Birman is a semi-longhaired cat with color points. Among it's most
distinctive features are the white paws (called gloves) on all four
feet, and white on the rear legs coming to a near point up the back like
a gauntlet (called laces). The cats nose is a "Roman" shape
with the nostrils set low, and a flat on the forehead. The high
cheekbones set off large, almost round deep blue eyes. The Birman has a
strikingly beautiful well balanced appearance. Birmans are medium in
size with large leg boning. Only Birmans with perfect or near perfect
gloves and laces are shown.
Research indicates the
Birman came from Southeast Asia and introduced to Europe in 1916. In
1925, the Birman was recognized by the FFF of France. It is thought that
most "sacred cats of Burma" in the world today are descendents from the
small cat population of the French Birmans. The breed is considered
French, even though it is not indigenous to France.
The Birman was endangered when only one pair survived during World
War II. In order to keep the breed alive, other longhaired and
shorthaired breeds were bred to the Birman. The first Birmans to be
exported came to the United States in 1959 and to Great Britain in 1965.
The Birman was recognized in the United States by the Cat Fanciers'
Association in 1967 and is now known throughout most of the world.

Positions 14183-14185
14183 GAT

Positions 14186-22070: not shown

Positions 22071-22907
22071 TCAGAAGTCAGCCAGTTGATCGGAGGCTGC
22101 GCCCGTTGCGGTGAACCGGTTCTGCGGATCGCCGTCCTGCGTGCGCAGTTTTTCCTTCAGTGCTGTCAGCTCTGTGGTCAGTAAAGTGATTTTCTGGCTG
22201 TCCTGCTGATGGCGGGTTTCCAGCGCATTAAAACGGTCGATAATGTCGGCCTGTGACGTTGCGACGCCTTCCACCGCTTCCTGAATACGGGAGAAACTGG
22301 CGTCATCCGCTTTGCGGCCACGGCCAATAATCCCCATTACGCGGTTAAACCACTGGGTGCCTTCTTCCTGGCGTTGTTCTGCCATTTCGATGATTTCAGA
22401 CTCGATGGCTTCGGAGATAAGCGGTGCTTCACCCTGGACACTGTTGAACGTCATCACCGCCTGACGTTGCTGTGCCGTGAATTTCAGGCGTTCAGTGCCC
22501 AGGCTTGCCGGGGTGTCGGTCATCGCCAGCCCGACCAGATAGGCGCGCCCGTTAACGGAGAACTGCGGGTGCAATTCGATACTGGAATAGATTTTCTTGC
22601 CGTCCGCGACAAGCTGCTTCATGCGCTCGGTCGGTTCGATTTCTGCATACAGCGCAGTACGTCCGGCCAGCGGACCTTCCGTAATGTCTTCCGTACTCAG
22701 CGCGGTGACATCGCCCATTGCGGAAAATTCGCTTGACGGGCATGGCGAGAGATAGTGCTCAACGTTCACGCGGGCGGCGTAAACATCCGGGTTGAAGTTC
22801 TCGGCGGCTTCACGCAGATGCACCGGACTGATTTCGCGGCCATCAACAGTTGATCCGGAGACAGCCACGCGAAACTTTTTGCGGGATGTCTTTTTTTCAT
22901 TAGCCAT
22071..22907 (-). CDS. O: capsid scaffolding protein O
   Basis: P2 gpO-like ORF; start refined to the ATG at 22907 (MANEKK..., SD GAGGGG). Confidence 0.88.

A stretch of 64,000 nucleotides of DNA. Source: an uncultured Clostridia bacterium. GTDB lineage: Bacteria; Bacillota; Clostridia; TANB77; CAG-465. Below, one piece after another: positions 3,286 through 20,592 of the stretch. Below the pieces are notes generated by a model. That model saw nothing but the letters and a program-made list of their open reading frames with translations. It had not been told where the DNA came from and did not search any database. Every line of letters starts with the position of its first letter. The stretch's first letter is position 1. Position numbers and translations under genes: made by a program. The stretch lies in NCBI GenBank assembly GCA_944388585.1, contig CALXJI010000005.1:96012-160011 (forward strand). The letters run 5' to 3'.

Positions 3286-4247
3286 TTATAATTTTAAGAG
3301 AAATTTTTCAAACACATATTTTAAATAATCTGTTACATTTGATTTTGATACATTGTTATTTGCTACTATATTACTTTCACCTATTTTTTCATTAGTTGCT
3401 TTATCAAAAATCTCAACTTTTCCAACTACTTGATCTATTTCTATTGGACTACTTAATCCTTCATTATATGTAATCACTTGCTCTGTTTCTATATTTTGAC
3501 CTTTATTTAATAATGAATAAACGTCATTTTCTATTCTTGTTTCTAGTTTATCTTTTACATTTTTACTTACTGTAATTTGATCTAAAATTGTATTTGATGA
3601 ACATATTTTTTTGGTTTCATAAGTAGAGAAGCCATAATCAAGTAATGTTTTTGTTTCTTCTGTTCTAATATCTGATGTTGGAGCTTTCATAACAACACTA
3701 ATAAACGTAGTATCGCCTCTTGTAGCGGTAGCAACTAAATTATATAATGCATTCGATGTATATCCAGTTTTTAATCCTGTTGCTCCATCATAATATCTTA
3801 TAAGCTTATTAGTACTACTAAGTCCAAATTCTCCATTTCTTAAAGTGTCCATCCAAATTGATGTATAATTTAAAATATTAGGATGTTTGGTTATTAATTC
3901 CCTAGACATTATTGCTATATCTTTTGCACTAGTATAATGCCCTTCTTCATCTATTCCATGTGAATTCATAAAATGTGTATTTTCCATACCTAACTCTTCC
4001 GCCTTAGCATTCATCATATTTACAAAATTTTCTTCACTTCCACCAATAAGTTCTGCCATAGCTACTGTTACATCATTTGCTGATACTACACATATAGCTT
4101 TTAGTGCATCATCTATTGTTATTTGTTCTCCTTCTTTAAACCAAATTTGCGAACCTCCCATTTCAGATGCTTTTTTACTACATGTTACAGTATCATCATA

Birmans are a delight to
care for. As their silky fur does not mat, little grooming is required.
They are outgoing cats, often following their masters around like a
puppy. They give the impression of quiet power and harmony through
rather pensive, sweet eyes. Birmans greatly appreciate companionship,
especially that of younger children, and more readily display happiness
than anger. The breed is robust and hearty, and easily adaptable to most
Legend of the Sacred Cat
In a temple built on the
side of Mount Lugh, there lived a very old priest. This priest had a
long golden beard, which the god Song-Ho was said to have braided. His
life was dedicated to the holy service of Tsun-Kyan-Kse, the goddess
with the sapphire blue eyes. This goddess supervised the transmigration
of souls, allowing some to live again in a holy animal. The priest's
favorite cat, Sinh, was always sitting near him. Sinh was a white cat
with yellow eyes. The cat's ears, nose, tail and extremities were dark
like the color of the earth.
One night a group of bad men came to rob the temple and murdered the
priest. Then the miracle came about: in a bound, Sinh jumped to the
throne and sat at the head of his dead master. As the cat sat, the
bristly white hair on his spine suddenly became a golden yellow and his
golden eyes became blue. The part of his paws touching the dead priest
The legend says that when a priest dies, his soul transmigrates into
the body of a cat, and upon the cat's death, the transition of the
priest's soul into heaven is accomplished.
The story sadly continues that for the next seven days, the loyal cat
refused all food and on the seventh day, he died, knowing that only with
his death could he take his master into heaven. After this, all the
temple cats had a golden mantle and their gold eyes turned blue. And to
this day, Birmans have a golden mantle, white feet and blue eyes.